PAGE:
Johnson Center, #240A
April 21, 2014, 01:00 PM to 10:00 AM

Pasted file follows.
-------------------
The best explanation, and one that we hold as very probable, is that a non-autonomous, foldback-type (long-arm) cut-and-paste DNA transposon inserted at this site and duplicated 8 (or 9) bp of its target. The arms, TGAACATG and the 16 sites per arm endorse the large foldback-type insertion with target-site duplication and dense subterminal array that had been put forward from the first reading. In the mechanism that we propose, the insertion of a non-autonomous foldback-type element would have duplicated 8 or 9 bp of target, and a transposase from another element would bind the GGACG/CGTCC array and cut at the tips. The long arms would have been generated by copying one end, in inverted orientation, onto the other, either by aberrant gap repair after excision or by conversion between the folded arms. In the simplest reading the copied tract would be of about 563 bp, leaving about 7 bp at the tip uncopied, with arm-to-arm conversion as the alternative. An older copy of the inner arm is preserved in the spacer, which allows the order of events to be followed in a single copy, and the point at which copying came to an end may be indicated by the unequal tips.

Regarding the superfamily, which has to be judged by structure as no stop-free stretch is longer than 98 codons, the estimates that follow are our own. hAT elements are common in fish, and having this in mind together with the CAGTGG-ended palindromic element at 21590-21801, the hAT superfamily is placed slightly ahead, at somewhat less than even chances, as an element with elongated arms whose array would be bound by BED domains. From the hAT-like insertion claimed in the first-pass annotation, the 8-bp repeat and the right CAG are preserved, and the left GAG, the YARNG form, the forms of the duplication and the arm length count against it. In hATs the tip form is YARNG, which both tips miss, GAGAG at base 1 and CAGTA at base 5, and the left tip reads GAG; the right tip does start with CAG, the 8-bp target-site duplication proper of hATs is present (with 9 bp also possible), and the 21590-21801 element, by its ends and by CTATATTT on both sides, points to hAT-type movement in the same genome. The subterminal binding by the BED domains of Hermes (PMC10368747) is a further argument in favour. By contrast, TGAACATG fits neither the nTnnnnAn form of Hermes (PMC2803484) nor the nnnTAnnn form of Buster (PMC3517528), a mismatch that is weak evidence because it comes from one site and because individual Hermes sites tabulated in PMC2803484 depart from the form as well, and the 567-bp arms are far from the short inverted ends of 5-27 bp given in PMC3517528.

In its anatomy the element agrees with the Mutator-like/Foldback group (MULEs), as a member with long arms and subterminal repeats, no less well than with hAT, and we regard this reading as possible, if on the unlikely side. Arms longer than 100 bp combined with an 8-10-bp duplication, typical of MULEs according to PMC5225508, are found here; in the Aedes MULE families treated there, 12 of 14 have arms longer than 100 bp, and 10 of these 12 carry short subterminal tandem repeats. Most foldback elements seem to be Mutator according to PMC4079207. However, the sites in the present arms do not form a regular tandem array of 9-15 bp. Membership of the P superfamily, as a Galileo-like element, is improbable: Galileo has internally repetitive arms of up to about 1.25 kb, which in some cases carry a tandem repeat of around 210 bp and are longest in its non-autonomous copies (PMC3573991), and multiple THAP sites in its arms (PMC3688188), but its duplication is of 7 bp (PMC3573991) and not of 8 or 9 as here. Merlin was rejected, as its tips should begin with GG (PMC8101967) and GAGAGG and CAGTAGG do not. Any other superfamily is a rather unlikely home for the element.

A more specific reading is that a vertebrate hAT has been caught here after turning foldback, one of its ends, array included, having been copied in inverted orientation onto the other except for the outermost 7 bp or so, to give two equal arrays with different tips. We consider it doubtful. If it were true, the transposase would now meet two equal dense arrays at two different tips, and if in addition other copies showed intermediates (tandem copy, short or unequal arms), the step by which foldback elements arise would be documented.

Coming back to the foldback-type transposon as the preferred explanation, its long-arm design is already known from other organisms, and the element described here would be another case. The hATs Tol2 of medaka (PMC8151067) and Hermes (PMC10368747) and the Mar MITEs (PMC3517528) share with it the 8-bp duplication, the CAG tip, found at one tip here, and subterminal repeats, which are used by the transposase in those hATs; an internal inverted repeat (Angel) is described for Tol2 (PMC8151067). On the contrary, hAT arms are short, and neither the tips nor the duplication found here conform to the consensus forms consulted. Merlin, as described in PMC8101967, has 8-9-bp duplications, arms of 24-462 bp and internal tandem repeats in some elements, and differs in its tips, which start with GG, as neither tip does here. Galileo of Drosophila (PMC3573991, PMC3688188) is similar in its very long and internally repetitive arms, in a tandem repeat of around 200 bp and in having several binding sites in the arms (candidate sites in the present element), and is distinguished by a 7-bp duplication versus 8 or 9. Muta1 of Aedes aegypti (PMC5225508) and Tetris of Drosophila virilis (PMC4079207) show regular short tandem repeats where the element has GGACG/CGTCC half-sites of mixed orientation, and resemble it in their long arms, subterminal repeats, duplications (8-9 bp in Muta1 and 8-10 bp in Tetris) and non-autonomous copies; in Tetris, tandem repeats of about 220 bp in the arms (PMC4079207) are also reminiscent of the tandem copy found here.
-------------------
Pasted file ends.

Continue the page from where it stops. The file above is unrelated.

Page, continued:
This dissertation tracks the historical development of a citizenship subjectivity and corresponding set of practices referred to as soft citizenship. Soft citizenship is characterized by sentimentality, child-centricity, and familialism. It emerges in the early 1900s as a juxtapolitical model of thinking and doing citizenship constituted through the reform efforts of Anglo Saxon Protestant women. Although these women were politically disenfranchisement they were morally and economically empowered. Maternal activists embraced the temperance impulse of the previous century to gain unprecedented access to publicness. One of the objects women reformers claimed was cinema, which they argued influenced the moral development of children and should therefore be a national concern. Subsequent waves of soft citizens shared maternal reformers zest for mass cultural censorship. The dissertation argues that the proliferation of family values rhetoric beginning in the 1970s is an extension of preexisting tendencies in US mass and political culture. In this period the characteristics that I associate with soft citizenship began to seep into state politics saturating the public sphere with concerns about sex and other intimate affairs.